As Indians queue up for cash in banks and ATMs , the question on whether India will successfully transition to a cashless economy stays strong in our minds.
Prime Minister Narendra Modi, in a bold move to eradicate black money (or was it to promote cashless transactions), announced the demonetization of 500 rupee and 1000 rupee note in November 2016. As 86 percent currency in circulation was withdrawn, Indians resorted to means such as online payments and net banking (RBI). Let us first understand what does cashless economy means .
A cashless economy is one where cash flow is minimal or non-existent. In a cashless economy, electronic channels like debit card, credit card, electronic merchants, payments such as IMPS are mode of transaction.
India has been a cash-dependent economy, with 97-98% of all transactions still in cash. Only half the nation’s adult population i.e. around 233 million, possess a bank account, a precursor for a cashless economy. Most retailers don’t accept cards, or don’t have the infrastructure for online payments limiting the ability to use cards. Bank accounts or online banking are not of any use even when people have access to it, if retailers want the payment in cash bank accounts or online banking are of no use
After the news of demonetization, the online payment services went into advertising overdrive, bombaring the media with ads to move onto online platforms. But wealthier urbanites or younger generation used most of the services. India being an agrarian economy we have to take them into consideration too.
Banks are still doing poorly in rural areas. According to World bank, there are only 18 ATMs per 100,000 citizens in India, compared to 129 in Brazil. Only 17 percent have smartphones and 22 percent use the Internet according to a Pew Research Center report.
Is the transition possible?
India will witness $500 billion worth of transactions by 2020, which is 10 times the current level. The country’s smartphone users are expected to increase to 520 million. Internet users will increase to 650 million, encouraging people to move towards cashless transactions. Banks have stepped on to the mobile banking arena as well. At the same time, non-banking companies like Airtel, Vodafone, Paytm, Mobiwik are offering wallet services already. To make this transition possible, the government will need to work on digital infrastructure. It also has to waive the service tax on digital payments. The RBI has to resolve issues on cross-border digital payments and shed their conservatism.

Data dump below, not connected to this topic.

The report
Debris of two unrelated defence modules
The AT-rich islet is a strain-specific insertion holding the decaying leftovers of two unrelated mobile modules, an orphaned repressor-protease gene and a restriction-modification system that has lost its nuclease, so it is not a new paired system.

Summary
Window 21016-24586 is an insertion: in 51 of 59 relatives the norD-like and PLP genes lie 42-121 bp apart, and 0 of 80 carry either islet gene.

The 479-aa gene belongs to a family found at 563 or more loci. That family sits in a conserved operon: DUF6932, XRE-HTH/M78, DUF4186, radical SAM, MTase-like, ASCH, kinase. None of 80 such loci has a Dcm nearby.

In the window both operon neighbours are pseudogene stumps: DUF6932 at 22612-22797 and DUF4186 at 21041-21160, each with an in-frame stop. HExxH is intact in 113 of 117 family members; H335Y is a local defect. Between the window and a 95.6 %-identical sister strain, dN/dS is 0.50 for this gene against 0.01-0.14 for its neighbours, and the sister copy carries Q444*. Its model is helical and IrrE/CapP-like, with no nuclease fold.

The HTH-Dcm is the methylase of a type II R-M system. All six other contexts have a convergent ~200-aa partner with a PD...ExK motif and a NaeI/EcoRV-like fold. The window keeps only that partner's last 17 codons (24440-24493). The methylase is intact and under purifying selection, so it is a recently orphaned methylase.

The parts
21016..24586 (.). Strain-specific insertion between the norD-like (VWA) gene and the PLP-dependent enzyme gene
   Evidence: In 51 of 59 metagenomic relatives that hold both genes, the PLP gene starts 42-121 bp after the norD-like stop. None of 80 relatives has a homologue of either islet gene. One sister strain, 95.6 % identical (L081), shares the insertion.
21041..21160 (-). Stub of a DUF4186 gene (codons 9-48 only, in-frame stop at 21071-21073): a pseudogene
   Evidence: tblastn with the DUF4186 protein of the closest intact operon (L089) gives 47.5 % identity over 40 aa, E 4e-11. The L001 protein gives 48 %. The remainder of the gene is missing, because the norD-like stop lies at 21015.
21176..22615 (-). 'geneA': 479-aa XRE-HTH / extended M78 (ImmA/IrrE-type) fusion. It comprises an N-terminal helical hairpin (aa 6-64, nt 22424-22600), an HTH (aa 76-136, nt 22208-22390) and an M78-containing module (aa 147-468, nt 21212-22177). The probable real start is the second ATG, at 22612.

Motive of cashless economy needs digital infrastructure and technology to support it. Another big challenge is cyber security. With increase in online transactions, cyber crime is likely to see an increase. There will be a need for competent encryption technologies at the physical point of sale. Also, efforts have to be made to retain consumers if they face failures on transactions.
A cashless India will not only to curb unaccounted wealth, but also to reduce instances of tax avoidance. Direct wiring of money to the user will give greater efficiency and transparency to the system. It will also tackle, to some extent, the fear of counterfeit currency. Small SMEs and digital India will evolve with an improvement in credit access and financial inclusion.
Demonetization has been a shocker for the Indian economy. Whether it succeeds in helping the transition to a cashless economy, or drags the economy down enough, is something only time will tell.